RATHER: Correct me if I'm wrong, you favor-- stricter regulation, maybe quite a bit stricter-
RATHER: --regulation. And-- oversight on Wall Street. But doesn't that or does it just run counter to what Wall Street is? Wall Street's in markets, you don't want regulation.
KRUGMAN: Well, you know, we-- 75 years ago somebody would have said, well, banks, you know, banks are the private sector. They should be left to themselves. But it turned out that banking crisis practically destroyed the world as we knew it. So strict regulation of banks-- strict oversight of banks was put into place. And, you know, the world worked pretty well for the next half century. That-- that was not a problem. Now it turns out that we have institutions that are as every bit as-- capable of wreaking havoc as banks that turn out we have to rescue them the way we rescued banks in the 1930s. So they ought to be regulated like banks. It's-- there's noth-- there's no natural law that says that financial markets have to be left-- as, you know, have to have Wild West codes of-- of behavior. We-- we can do this. And-- and we did it before. And I'm just saying we should do for this expanded banking system what we did for the old banking system when FDR was President.
RATHER: And to those who say, "Ah, but that's socialism. We believe in capitalism. Capitalism has its ups and downs. But, on the whole or in the main, it works a whole lot better than the government trying to run institutions such as banks," you say what?
KRUGMAN: Well, you know, After World War II, under this regulated banking system, relatively high taxes, we had the greatest generation of economic growth in American history. You know, call it whatever you-- you know, if you wanna call it socialism, I-- what's in a name? The fact of the matter is-- a market system with oversight, with some regulation-- is something that has historically worked pretty well and a whole lot better than this-- again, I say Wild West system that we've been running on for the last-- couple decades.
RATHER: In brief, what's happened to us? How did we get here?
KRUGMAN: It's a bunch of things, right? But we-- look, ideologically-- there was a push towards this "the market is always right; the government is always wrong." That push was possible largely I think because the memory of the Great Depression had faded. The '30s receded to the past. Began to seem like all the things that happened then were-- were old wives' tales, myths. It's not so much that we stripped away the safeguards we had in our system as the-- the world got more complicated and the safeguards were not updated to keep track of that. And so we were vulnerable to this awesome crisis.
RATHER: So the housing bust led to a banking bust. Any other busts out there near the horizon that we ought to be on the lookout for?
KRUGMAN: Well, yeah. There are several sectors that are not-- that are also have got lots of debt-- that might be problematic. It's mainly 'cause the economy itself is now slide-- the real economy, the economy of jobs and-- and-- and wages-- and profits is-- is-- is now in a steep slide. So then we worry about consumer debt. Worry about credit cards. There's rapidly rise in defaults in credit cards. Worry about corporate-- debt. Corporate bankruptcies are gonna go up. It's starting to happen. And all of that gives you the possibility of another round of stuff. I mean, I sometimes have this image in my mind, this is not reassuring, of, you know, when-- when a building is hit in an earthquake. Some of the top floors collapse. You say, oh, well, that's okay. But then they bring down another floor. And that brings down another floor. And that-- the building pancakes. And-- and I'm a little worried about this could happen to the-- to our system. And, in fact, you know, as-- as the housing market-- imploded and as home equity loans dried up, a lot of people turned to credit cards to keep on being able to pay their bills. So there's probably a lot of bad credit card debts accumulated relatively recently in the last couple of years which is gonna turn to a problem. So it's not as big. You know, nothing-- housing before the bust was $20 trillion of-- of-- of wealth, which has probably now been shrunk by seven or eight billion-- trillion. And even I can't get this right. And-- and the other things are not nearly that big. But it can feed on itself.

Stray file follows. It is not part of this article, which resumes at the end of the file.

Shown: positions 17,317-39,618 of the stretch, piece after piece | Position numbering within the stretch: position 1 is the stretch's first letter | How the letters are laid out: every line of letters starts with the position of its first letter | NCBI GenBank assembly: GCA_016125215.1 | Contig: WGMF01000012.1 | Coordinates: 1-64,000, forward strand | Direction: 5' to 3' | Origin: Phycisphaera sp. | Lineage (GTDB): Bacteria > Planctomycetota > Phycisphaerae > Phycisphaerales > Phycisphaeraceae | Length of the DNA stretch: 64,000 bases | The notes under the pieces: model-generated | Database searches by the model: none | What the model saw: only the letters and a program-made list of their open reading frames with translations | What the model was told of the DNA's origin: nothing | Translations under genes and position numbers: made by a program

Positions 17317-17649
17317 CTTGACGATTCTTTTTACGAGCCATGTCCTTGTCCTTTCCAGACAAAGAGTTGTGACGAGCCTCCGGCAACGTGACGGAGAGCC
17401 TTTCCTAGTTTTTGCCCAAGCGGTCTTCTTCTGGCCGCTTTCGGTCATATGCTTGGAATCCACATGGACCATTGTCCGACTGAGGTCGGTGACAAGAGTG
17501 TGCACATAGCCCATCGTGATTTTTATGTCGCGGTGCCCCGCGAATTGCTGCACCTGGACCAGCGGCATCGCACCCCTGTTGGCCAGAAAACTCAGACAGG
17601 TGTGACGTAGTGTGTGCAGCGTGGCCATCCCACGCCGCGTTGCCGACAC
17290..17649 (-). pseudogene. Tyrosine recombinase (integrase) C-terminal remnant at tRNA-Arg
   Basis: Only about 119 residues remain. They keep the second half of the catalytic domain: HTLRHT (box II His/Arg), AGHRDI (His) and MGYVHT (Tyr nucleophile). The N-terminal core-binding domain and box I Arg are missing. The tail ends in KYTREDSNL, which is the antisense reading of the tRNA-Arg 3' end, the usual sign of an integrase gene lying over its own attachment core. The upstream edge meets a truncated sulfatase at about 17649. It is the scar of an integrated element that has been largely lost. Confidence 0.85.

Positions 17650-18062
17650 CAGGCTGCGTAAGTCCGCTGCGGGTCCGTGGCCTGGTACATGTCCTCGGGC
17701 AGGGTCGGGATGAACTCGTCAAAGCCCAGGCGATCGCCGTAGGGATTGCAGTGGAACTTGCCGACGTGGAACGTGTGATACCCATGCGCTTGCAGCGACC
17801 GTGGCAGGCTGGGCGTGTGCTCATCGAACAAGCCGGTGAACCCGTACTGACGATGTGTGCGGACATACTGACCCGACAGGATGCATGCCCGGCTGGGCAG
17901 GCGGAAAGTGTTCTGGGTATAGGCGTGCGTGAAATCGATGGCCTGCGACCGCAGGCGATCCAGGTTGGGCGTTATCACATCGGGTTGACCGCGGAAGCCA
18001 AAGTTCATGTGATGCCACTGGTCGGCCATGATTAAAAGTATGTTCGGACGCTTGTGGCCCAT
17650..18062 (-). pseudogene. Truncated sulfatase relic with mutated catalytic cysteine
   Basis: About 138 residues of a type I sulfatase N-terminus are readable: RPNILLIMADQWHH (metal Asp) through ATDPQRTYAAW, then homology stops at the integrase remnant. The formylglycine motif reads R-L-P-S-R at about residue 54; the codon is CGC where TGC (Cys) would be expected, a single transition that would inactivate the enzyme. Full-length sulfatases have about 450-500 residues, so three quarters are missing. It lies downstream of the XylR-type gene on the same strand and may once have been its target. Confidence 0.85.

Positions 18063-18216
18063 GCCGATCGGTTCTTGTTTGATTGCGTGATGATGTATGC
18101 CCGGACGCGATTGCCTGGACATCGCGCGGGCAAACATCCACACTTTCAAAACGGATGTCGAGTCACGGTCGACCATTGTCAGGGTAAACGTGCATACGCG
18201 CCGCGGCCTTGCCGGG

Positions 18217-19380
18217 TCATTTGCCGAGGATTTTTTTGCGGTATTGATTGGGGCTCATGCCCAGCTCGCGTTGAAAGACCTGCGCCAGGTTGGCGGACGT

RATHER: Well, let's talk about the presidential campaign.
RATHER: How have Senator John McCain and Senator Barack Obama handled the economic crisis, what they've said about it?
KRUGMAN: Well-- Senator McCain, you know, is fundamentally a-- free market guy, a deregulation guy. His best friend, his chief economic advisor until he said something about us being a nation of whiners was-- was Phil Graham, who was-
KRUGMAN: Mr. De-- Deregulation.
RATHER: Former Senator Phil Graham.
KRUGMAN: That's right. And-- he really has-- he's tried to reinvent himself as, "Oh, well, I'm against greed." But, you know, that's not where he's been historically. And even when he tries to talk about it, he tries to place the blame on the government. Talks about Fannie and Freddie, which were certainly behaved badly but are not, by any reasonable analysis at the core of this crisis. But in McCain's vision, that's what it's about. Obama is basically a pro-regulation guy. He was actually pro-banking regulation, before that became sort of the consensus. He has not taken a leadership role on responding to the crisis, which maybe wish he were more-- doing more of that. But, on the other hand, that is very difficult for-- an individual presidential candidate to do. And he's, you know, he's making sense. And he's talking to people who-- who make sense. So-- clearly, you know, the-- the polls have moved strongly in Obama's direction since the crisis hit. And that makes sense. If you were asking which of these guys seems to be on top of it, clearly Obama's looking more like he is.
RATHER: But fair to say you've been an Obama backer and supporter from almost the beginning?